“What internal resources do you have to draw on?” (Although I asked this of a patient in a medically managed detox facility, the question is equally relevant to someone with any number of issues, including depression and anxiety.) The patient looked at me as if I were speaking Martian. Then he launched into a story he had told many times about all the things that were wrong with him.
“Stop,” I said. “During the other 23 hours of the day you can beat up on yourself. Right now I’m asking you to identify what strengths you can build on.” He had no way of answering the question because the meetings he attended—and the culture at large—reinforce a narrative that he suffered from a character defect.
I was proposing an alternative to the disease model, drawing on an approach to psychotherapy that is typically called resource-oriented. How does it work? Very much like the plot of the MGM classic The Wizard of Oz.
Everyone knows the story of Dorothy and her friends, who all have something in common. The Scarecrow, Tin Man, and Cowardly Lion are driven by a belief that they lack some crucial quality, and that it’s their defects that keep them from living life to its fullest. Like the patient in detox, they repeat negative beliefs they hold about themselves, for example, “I’m a failure because I haven’t got a brain,” and, “The tinsmith forgot to give me a heart.” In their culture, the message they get from everyone around them is that their problems will be solved if they go see an expert.
That expert—the Wizard—turns out to be a sort of resource-oriented therapist. He sends them away, telling them to come back only if they bring him the Wicked Witch’s broomstick. And that’s where the work of therapy happens. The Wizard’s challenge turns out to be a test of the brain, heart, and courage they were convinced they didn’t possess.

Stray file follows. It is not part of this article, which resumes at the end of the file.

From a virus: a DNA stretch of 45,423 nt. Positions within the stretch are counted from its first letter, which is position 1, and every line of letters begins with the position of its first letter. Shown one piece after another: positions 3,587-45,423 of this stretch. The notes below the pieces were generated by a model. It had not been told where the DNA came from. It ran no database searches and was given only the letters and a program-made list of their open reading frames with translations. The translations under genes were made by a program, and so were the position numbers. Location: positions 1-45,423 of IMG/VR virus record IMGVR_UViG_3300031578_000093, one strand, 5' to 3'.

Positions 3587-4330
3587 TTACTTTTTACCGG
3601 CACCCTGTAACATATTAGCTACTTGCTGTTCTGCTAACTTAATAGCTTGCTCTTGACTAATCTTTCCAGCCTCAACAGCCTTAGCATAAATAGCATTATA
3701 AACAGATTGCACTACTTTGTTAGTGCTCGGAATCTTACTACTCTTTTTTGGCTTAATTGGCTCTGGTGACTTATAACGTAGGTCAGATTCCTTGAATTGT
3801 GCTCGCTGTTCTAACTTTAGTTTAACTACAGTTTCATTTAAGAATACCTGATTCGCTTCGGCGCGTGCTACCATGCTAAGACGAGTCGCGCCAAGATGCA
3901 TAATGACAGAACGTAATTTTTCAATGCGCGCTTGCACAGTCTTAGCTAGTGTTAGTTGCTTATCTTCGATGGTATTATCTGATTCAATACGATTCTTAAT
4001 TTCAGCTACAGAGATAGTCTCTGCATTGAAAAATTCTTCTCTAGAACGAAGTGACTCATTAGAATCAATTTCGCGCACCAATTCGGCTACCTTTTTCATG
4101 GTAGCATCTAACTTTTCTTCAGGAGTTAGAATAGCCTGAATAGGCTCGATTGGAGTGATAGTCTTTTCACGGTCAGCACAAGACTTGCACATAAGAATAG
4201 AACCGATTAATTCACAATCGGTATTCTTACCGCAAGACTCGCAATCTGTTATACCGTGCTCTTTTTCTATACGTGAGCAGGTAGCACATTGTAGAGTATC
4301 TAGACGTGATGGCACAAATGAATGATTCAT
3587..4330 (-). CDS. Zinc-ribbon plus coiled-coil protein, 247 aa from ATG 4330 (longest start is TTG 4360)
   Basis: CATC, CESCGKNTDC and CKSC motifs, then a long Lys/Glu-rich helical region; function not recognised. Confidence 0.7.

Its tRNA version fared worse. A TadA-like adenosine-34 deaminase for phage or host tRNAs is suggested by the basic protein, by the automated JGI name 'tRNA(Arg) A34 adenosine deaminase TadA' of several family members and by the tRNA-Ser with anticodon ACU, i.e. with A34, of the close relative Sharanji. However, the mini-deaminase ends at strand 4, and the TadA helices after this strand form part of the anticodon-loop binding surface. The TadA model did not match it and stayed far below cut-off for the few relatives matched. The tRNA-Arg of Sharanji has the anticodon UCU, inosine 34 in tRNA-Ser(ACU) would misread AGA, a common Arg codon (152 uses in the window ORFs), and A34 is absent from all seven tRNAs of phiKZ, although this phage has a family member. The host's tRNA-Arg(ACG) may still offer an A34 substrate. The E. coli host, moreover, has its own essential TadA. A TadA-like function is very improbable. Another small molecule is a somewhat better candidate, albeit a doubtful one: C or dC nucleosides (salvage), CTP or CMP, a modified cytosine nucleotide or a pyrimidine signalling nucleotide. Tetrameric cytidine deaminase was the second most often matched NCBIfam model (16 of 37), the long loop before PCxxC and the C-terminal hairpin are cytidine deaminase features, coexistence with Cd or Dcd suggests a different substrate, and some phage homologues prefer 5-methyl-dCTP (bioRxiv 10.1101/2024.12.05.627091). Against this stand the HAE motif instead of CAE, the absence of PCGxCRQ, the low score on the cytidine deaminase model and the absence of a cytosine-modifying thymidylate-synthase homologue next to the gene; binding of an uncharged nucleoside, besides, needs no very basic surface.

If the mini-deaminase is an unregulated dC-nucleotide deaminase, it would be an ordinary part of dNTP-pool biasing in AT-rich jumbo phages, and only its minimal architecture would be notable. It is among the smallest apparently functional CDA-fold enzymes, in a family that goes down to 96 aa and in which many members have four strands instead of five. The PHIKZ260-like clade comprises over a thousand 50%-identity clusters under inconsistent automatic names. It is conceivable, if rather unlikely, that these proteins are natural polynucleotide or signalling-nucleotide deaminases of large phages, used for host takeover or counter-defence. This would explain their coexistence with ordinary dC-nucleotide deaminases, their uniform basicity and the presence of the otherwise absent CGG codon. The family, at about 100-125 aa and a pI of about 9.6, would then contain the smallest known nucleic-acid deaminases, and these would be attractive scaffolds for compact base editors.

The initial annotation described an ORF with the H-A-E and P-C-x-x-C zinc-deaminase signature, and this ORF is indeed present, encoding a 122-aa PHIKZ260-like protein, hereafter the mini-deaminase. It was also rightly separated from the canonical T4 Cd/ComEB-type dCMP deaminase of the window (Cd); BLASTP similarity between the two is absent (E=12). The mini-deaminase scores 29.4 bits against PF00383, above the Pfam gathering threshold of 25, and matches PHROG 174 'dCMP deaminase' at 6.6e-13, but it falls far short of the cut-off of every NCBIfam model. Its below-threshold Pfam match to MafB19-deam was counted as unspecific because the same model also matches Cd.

As the story nears its end, the Wizard tells Dorothy something that at first seems cruel: “You don’t need to be helped anymore. You’ve always had the power to go back to Kansas.”
The Scarecrow is incensed. “Why didn’t you tell her?”
“She wouldn’t have believed me,” the Wizard says. “She had to learn it for herself.”
Perhaps because the Wizard of Oz is an extended dream sequence, I see a particular connection to EMDR (Eye Movement Desensitization and Reprocessing), which, some people theorize, may derive its benefit from mimicking the adaptive memory sorting function of REM sleep. Originally a technique built around eye movements, EMDR has evolved into a fully developed form of psychotherapy endorsed by the World Health Organization not only for single-event trauma—for example, being wounded in combat—but also for chronic trauma, such as childhood abuse and neglect. In addition to eye movements, therapists may use auditory or tactile stimulation. (As a board-certified music therapist, I focus on using auditory stimulation and compose original music specifically for use in EMDR.)
EMDR was conceived by Francine Shapiro, who died in June of 2019. The New York Times ends its obituary by quoting Shapiro in a spot-on description of resource-oriented therapy: “Many people become therapists feeling like they have all the answers and they are going to be the ones to tell the client what to do. With EMDR, it’s important to develop a healthy respect for the healing potential of people and to learn to be the facilitator of that healing.” It's hard to read those words without thinking of the moral of the story as delivered by the Wizard of Oz.